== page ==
A label for Nepal

Changing religious labels in the middle of a civil war is a terrible idea

States always have trouble with their labels — India is officially secular, but gets tagged with the ‘Hindu-majority’ label; Bangladesh is an Islamic state, whose secular outlook is eroding; Pakistan is officially an Islamic state, but Gen Musharraf wants to add certain other labels to get rid of the fundamentalist label that it acquired.

What of Nepal? Officially at least, it is a Hindu state. The world’s only one at that. But Kanak Mani Dixit argues that this label too does not quite fit.

The fact is that civics education does not exist in Nepal, where history is as yet all royal hagiography. The young hooligans would not know that Nepal is not the ‘Hindu rashtra’ promoted lately by Hindutva propaganda, nor the ‘asli Hindustan’ as claimed by Prithvi Narayan, the unifier of Nepal and the twelfth ancestor of present King Gyanendra.

To be a ‘Hindu nation’, Nepal would have to be populated entirely by Hindus but that is far from the case. The very definition of who is a ‘Hindu’ among the many ethnic groupings is open to question, residing as they do in an accommodating penumbra that straddles animism, nature worship, diverse Hindu streams, and Himalayan Buddhism.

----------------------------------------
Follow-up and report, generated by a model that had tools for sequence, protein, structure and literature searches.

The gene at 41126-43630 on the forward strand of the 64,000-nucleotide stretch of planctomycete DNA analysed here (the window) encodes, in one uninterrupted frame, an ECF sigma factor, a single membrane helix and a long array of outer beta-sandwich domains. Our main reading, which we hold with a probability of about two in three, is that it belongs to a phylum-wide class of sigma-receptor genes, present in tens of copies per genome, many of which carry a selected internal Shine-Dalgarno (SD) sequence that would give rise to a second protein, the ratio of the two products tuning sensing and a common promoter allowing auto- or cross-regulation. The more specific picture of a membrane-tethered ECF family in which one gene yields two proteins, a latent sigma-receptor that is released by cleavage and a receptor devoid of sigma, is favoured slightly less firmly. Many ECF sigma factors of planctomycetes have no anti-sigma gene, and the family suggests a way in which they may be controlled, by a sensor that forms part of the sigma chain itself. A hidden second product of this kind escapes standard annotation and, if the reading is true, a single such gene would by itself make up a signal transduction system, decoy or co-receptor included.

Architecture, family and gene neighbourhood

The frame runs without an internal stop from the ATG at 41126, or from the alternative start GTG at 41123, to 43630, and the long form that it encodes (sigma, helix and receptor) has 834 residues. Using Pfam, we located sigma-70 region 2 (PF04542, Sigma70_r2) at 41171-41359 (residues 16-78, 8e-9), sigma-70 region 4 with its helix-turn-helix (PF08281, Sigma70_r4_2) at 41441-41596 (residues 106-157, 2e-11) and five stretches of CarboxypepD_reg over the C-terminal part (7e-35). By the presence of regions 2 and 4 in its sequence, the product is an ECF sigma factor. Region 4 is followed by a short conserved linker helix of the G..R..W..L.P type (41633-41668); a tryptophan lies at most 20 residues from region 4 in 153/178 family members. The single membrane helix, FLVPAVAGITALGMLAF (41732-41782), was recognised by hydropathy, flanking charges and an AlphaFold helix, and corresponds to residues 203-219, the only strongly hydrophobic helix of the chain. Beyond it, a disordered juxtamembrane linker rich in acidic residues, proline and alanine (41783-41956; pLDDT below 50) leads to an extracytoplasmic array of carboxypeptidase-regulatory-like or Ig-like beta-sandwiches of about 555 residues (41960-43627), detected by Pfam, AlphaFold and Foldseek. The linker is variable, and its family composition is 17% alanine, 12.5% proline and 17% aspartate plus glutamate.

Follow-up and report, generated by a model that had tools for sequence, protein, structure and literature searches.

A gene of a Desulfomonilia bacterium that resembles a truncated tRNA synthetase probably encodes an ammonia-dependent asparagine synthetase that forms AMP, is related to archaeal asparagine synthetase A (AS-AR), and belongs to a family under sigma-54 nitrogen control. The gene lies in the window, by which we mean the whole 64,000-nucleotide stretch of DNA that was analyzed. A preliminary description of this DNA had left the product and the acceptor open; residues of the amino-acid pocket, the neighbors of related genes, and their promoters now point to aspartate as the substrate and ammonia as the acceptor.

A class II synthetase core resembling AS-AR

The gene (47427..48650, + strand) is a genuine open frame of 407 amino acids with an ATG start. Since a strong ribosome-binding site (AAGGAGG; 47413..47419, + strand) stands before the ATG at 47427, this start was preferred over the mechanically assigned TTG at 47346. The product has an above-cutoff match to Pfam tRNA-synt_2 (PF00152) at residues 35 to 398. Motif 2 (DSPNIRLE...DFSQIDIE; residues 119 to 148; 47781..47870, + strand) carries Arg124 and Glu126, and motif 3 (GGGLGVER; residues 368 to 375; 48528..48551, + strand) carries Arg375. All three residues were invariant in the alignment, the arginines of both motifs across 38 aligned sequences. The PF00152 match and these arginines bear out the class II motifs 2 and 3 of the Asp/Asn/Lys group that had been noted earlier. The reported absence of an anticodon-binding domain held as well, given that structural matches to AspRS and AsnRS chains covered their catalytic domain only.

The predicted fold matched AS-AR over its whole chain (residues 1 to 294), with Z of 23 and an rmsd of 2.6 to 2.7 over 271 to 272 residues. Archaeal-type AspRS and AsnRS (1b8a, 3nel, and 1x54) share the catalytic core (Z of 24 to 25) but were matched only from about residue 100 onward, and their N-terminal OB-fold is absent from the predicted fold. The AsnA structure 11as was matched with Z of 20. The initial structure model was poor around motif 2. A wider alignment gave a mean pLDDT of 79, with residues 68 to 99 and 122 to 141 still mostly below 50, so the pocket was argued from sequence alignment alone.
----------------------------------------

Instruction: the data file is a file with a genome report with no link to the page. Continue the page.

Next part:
In such an amorphous coming together of identities, those who do not regard themselves as ‘Hindu’ – as defined by those who demand definition – would make up perhaps thirty percent of the population. Meanwhile, those who regard themselves as Hindus tend to follow a typically syncretistic faith that does not have the ritual rigidities identified with political Hindutva.

And yet, it is true, the 1990 Constitution promulgated after the collapse of the autocratic Panchayat regime, declared Nepal a Hindu state. Simply put, this was a mistake made through conservative compromise, when an attempt to identify the only the king as ‘Hindu’ was derailed. The reference in the document has to be erased through interpretation or revision. [The News /Jang]

Dixit’s argument is that Nepal is not the ‘Hindu rashtra’ (nation) as defined by the proponents of political Hindutva. He has a point there. His fear that the Hindu label will embolden the ambitions of King Gyanendra is also justified. But then, getting rid of a religious label out of fear of that religion’s fundamentalists is terrible idea. If anything, attempting to re-label the country will provide more political oxygen to exactly those fundamentalists who will now be gratuitously handed a new rallying cry.

Playing around with religious labels, however well-meaning in intent, is dangerous at the best of times. In a Nepal wracked by a bloody civil war, it can be be explosive.